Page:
Sunday, 29 October 2006

Bad Autogrowth

The default Autogrowth for a new database is 'By 1 MB, unrestricted growth'

Imagine this default is still set on a production server, and you import a 50MB file when the datafile is at capacity.
The result is that 50 occurences of 1MB autogrow operations occur.
This is costly in terms of performance.

Now imagine multiple databases, all growing at varying rates (now that sounds like EVERY server doesn't it?)
As each of these datafiles 'expand' they take more disk space, grabbing the next available area on the disk. In this way, fragmentation of database files occurs.
As time goes on, simple database operations will rely more heavily on the disk as the server fetches data from logical files that are physically fragmented i.e. split.

Morals of this story...

1) Manually set data file sizes, allowing for expansion.
2) Review Disk/File fragmentation and perform disk maintenance
3) Do 1) & 2) regularly (stick reminders in your outlook!)

Saturday, 28 October 2006

Cryptographic Keys in SQL 2005

Certificates and Asymmetric keys (#updated June 2008)

Basics :
Both 'Certificates' and 'Asymmetric keys' use Asymmetric encryption (RSA keys).

Certificates (sql 2000+) allow importing of keys from certificate files.
Asymmetric keys (sql 2005+) support importing keys from strong name files or sql assemblies.

Certificate files (.CER) are created using Microsoft Cerfificate Services (Windows Server 2000, 2003) or Active Directory Certificate Services (Windows 2008)

See my notes on cryptography, here.

Friday, 27 October 2006

Cryptography & Keys

Cryptography is securing (encrypting and ultimately decrypting) data so that sensitive information can be stored safely or transmitted across insecure networks.

Some Terminology -

Key - A sequence of bits, used by encryption algorithmns.

A 40 bit key > 10011110 01010101 00001010 01101001 00011100

Plaintext - The original message / content that was encrypted
Ciphertext - The encrypted version of a message
Cryptographic Strength - Time / Resources to break the ciphertext.

Cryptography works by applying a cipher or algorithm to plaintext to produce the ciphertext.
A key is used in conjunction with the algorithm. This way, the same algorithmn encrypts differently with different keys.

Cryptographic strength is dependent on a) algorithmn strength and b) key secrecy

Cryptographic Systems : Symmetric vs Asymmetric

Symmetric Cryptography (Private-key cryptography) -
Both sender & receiver have the SAME key.

Asymmetric Cryptography (Public-key cryptography)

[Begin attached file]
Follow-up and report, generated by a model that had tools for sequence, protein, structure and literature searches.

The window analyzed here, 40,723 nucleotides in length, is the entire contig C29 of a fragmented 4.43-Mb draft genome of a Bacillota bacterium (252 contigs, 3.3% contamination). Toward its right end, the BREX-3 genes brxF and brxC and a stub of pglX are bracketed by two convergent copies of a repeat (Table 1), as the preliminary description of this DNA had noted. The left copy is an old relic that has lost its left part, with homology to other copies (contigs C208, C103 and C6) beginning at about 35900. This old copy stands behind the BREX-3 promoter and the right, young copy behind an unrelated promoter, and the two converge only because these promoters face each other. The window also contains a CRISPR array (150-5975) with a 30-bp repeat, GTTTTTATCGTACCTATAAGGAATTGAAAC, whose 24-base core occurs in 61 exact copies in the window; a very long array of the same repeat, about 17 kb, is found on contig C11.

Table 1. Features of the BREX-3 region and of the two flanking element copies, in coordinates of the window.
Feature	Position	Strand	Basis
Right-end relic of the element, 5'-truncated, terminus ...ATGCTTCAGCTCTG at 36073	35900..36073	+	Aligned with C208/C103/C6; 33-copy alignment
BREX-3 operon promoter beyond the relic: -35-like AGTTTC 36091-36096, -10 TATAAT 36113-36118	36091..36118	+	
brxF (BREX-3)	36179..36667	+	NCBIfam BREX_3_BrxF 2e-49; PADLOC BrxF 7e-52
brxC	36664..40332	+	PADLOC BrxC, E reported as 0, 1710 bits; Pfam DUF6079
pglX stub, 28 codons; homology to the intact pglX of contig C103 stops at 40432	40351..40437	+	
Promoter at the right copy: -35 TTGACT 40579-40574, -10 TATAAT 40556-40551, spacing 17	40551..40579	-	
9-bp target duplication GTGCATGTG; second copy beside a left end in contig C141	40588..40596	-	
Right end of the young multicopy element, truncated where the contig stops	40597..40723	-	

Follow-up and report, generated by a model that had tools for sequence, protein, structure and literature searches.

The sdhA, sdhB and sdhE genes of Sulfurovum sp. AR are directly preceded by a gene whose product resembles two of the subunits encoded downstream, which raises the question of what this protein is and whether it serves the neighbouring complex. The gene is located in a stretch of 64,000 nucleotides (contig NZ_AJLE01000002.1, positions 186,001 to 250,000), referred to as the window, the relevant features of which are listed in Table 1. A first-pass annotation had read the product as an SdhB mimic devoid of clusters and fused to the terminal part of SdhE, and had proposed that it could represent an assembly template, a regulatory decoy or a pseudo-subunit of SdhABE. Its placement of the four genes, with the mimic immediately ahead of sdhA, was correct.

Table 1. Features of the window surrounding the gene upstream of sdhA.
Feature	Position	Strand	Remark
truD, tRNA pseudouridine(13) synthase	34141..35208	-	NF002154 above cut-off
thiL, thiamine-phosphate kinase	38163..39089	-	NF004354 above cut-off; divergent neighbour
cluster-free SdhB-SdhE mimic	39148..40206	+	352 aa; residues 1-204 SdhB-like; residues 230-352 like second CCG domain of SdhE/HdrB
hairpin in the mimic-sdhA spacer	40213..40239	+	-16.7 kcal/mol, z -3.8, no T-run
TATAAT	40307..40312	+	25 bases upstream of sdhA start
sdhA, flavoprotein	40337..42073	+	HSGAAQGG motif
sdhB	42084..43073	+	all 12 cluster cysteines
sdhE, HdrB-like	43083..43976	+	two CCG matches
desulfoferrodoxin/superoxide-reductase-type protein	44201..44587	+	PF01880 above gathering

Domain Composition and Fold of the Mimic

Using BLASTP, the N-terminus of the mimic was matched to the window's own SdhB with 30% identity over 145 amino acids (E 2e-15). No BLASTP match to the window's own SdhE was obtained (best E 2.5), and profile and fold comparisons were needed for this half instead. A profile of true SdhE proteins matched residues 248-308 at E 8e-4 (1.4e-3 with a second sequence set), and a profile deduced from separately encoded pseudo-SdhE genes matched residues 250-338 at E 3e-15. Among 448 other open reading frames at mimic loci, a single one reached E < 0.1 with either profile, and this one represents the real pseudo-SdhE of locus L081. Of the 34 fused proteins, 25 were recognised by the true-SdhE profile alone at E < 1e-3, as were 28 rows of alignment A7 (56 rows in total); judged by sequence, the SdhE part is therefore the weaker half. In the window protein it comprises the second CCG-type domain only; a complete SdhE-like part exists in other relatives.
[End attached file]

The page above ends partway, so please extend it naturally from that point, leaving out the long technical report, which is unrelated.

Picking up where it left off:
Both sender & receiver have a PAIR of keys (public & private).
The public key is published (eg in the email signature of PGP users) whereas the private key is exactly that.
The receiver's key can decrypt messages encyrpted with the sender's key (& vice versa)
Any knowing the public key can Encrypt, but only people knowing the private key can Decrypt.
Asymmetric decryption is much slower and key sizes are bigger than symmetric keys.

n-bit Encryption
Simply, this refers to the key length used to encrypt data.
1 ASCII character = 8 bits, hence 128bit encyrption with an ASCII key means (8 x 13 = 128), a 13 character key length.
1 HEX character = 4 bits, hence 128bit encryption with a HEX key means (4 x 26 = 128), a 26 character key length

The number of combinations possible (i.e sequential attempts required to crack ciphertext via brute force) can be expressed as 2^n, where n is the represents the bit strength of the key.

For 40 bit encryption >
2^40 = 1099511627776 combinations

For 64 bit encryption >
2^64 = 18446744073709551616 combinations

For 128 bit encryption >
2^128 = 3.40282367 × 10^38 combinations

For 256 bit encryption >
2^256 = 1.1579208923731619542357098500869 x 10^77 combinations

Tuesday, 24 October 2006

UPDATE using inner SELECT

Using an UPDATE with an inner joined results set.
Demonstrated for simplicity here, but useful in the update criteria become complicated >
UPDATE person
SET surname = updated.surname
FROM person
( SELECT, correctdata.title, correctdata.surname, incorrectdata.title, incorrectdata.surname
FROM person_import correctdata
INNER JOIN person incorrectdata
ON =
WHERE incorrectdata.surname is null
) AS updated
ON =

Friday, 13 October 2006

SQL Code Searching - Views

-- view search


SQL Code Searching - Stored Procedures

-- sp search

select routine_name
    from information_schema.routines
    where routine_definition like '%code%'
    and routine_type = 'procedure'

SQL Code Searching - Views

-- view search

select table_name
    from information_schema.views
    where view_definition like '%code%'

Saturday, 7 October 2006

SQL Schema Searching - Columns

-- column search

select table_name
from information_schema.columns
where column_name = 'columnname'

Thursday, 5 October 2006

UltraEdit Macro - HTML Formatting

Find "&"
Replace All "&"
Find ">"
Replace All ">"
Find "<"
Replace All "<"
Find "  "
Replace All "  "
Find "^p"
Replace All "

Wednesday, 4 October 2006

2005 Maintenance Plan - Error 14234

Attempting to set up a simple backup job on another team's sql box. Went through all the wizard steps to create a backup job for them. Failed at the final hurdle, with >

Create maintenance plan failed.Additional information:Create failed for JobStep 'Subplan'. (Microsoft.SqlServer.MaintenancePlanTasks)

An exception occurred while executing a Transact-SQL statement or batch. (Microsoft.SqlServer.ConnectionInfo)

The specified '@subsystem' is invalid (valid values are returned by sp_enum_sqlagent_subsystems). (Microsoft SQL Server, Error 14234)

This is due to not having Integration Services installed.

Bizarre that maintenance plans should need them, but there you go! Mind you, it was an unpatched system that I'm not responsible for, so maybe this error becomes more obvious in a later release.